St. Augustine Catholic Church     314-385-1934

Pentecost Sunday 2017

In today’s scripture, the apostles receive the Holy Spirit, the third person of the Holy Trinity who is often treated like the forgotten man. An analogy I like to use refers to Christmas. Terry and I have hosted Christmas Eve dinner and presents for the entire family for about 40 years. Before us, my mother in our family and her mother in their family and there always seemed to be an unclaimed gift under the tree. Someone who had been expected didn’t show. For me, throughout Christianity, but especially in Catholicism there is a lack of understanding about the role of the Holy Spirit and yet, scripture is quite clear. When the apostles received the Holy Spirit, they began to speak in different languages. They also were covered with tongues of fire. They were filled with zeal and excitement and proclaimed the Glory of God to all who would listen. As Bishop Hermann says in this week’s Review, “they were Baptized in the Spirit.” The Bishop received his Baptism in the Spirit in 1972. I received mine in the fall of 2000.

There is really no way to explain the awesomeness of that moment. In a way, it’s possibly like checking a lottery ticket and realizing you have won. But receiving the Holy Spirit is so much more because it brings the joy of everlasting life. Think about a time when you have shared the joy of your faith with others. You just want to keep talking and experiencing the moment. Now realize the great joy and excitement among the Apostles as they could feel the overwhelming love of God through His Spirit. They had an immediate desire to share their happiness with the gift of tongues, they were able to share the gift of joy and God’s love throughout the world.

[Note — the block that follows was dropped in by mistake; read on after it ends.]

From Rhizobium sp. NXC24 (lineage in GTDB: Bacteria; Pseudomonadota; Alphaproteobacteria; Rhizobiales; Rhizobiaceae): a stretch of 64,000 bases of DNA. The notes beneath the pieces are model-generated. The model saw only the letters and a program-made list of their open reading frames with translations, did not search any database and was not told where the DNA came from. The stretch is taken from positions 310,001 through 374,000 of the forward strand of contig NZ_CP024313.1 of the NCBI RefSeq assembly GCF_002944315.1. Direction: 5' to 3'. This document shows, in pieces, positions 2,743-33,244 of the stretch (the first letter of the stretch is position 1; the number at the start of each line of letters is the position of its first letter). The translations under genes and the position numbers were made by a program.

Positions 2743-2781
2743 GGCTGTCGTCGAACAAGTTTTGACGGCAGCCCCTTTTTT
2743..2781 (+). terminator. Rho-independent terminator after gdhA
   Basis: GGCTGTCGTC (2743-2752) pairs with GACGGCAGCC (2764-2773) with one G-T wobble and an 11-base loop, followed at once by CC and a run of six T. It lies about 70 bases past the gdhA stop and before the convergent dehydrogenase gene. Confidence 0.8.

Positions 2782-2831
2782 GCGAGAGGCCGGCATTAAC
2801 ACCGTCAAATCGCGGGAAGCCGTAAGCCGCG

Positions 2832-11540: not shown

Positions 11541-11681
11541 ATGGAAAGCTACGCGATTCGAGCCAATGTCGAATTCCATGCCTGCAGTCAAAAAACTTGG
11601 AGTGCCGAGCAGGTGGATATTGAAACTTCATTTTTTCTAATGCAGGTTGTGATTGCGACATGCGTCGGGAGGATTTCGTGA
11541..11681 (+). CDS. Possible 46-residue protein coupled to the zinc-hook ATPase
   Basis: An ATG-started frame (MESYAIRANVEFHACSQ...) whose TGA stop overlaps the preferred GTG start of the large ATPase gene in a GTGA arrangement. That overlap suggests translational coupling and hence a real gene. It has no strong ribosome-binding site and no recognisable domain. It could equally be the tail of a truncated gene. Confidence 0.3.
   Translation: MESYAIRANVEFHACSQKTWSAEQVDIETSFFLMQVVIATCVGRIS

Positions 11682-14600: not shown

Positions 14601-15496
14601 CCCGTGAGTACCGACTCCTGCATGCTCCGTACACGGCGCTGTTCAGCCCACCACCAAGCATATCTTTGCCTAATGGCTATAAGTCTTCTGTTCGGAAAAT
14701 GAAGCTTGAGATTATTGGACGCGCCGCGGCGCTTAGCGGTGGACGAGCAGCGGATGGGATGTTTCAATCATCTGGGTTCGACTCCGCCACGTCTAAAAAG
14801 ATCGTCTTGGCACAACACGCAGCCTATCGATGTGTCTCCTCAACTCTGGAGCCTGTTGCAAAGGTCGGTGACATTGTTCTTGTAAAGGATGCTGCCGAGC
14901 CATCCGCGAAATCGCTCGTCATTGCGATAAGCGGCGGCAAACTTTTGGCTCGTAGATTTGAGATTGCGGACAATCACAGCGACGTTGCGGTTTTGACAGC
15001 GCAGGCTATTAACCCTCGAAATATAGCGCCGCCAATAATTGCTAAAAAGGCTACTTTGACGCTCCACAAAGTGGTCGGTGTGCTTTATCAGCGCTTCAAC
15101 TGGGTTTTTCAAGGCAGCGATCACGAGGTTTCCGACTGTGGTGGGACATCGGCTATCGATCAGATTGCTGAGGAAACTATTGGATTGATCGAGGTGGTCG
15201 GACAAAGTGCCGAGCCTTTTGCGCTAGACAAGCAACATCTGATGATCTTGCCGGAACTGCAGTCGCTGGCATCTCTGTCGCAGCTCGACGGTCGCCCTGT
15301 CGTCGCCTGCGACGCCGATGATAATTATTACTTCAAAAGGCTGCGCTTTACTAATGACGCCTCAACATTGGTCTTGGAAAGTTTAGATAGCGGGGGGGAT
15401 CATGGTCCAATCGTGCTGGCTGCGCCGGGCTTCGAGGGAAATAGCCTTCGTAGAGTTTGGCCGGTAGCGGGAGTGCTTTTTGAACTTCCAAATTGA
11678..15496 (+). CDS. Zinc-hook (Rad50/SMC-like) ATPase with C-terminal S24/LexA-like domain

But what about us? What does God want of us? We have received the Holy Spirit in our Baptism right after birth and in Confirmation. What makes Baptism in the Spirit different? In Baptism after birth, we receive the graces and connection to the Trinity as a gift of the Church and our parents. In Confirmation, we are part of a group and even though we consent, it is more of the expectation from the Church and our family that we do this. In Baptism in the Spirit, after prayer and due consideration we open our hearts and minds. We want to become one with the Trinity and learn that the Holy Spirit is the way. Just like Mary’s YES, we are now proclaiming our YES. When we open our minds and hearts freely and willingly the Holy Spirit flows in and overwhelms us. Each reception is different; for some less and some more. I personally believe it has to do with how wide we open the door to our heart. If we open the door wide we are overwhelmed. If we are cautious and only peak around the corner of the door, God knows we are not quite ready to receive His whole gift. Let us pray that when the Trinity and the Holy Spirit come that we fear nothing and accept God’s full gift. Receive the Holy Spirit.

Deacon Ed


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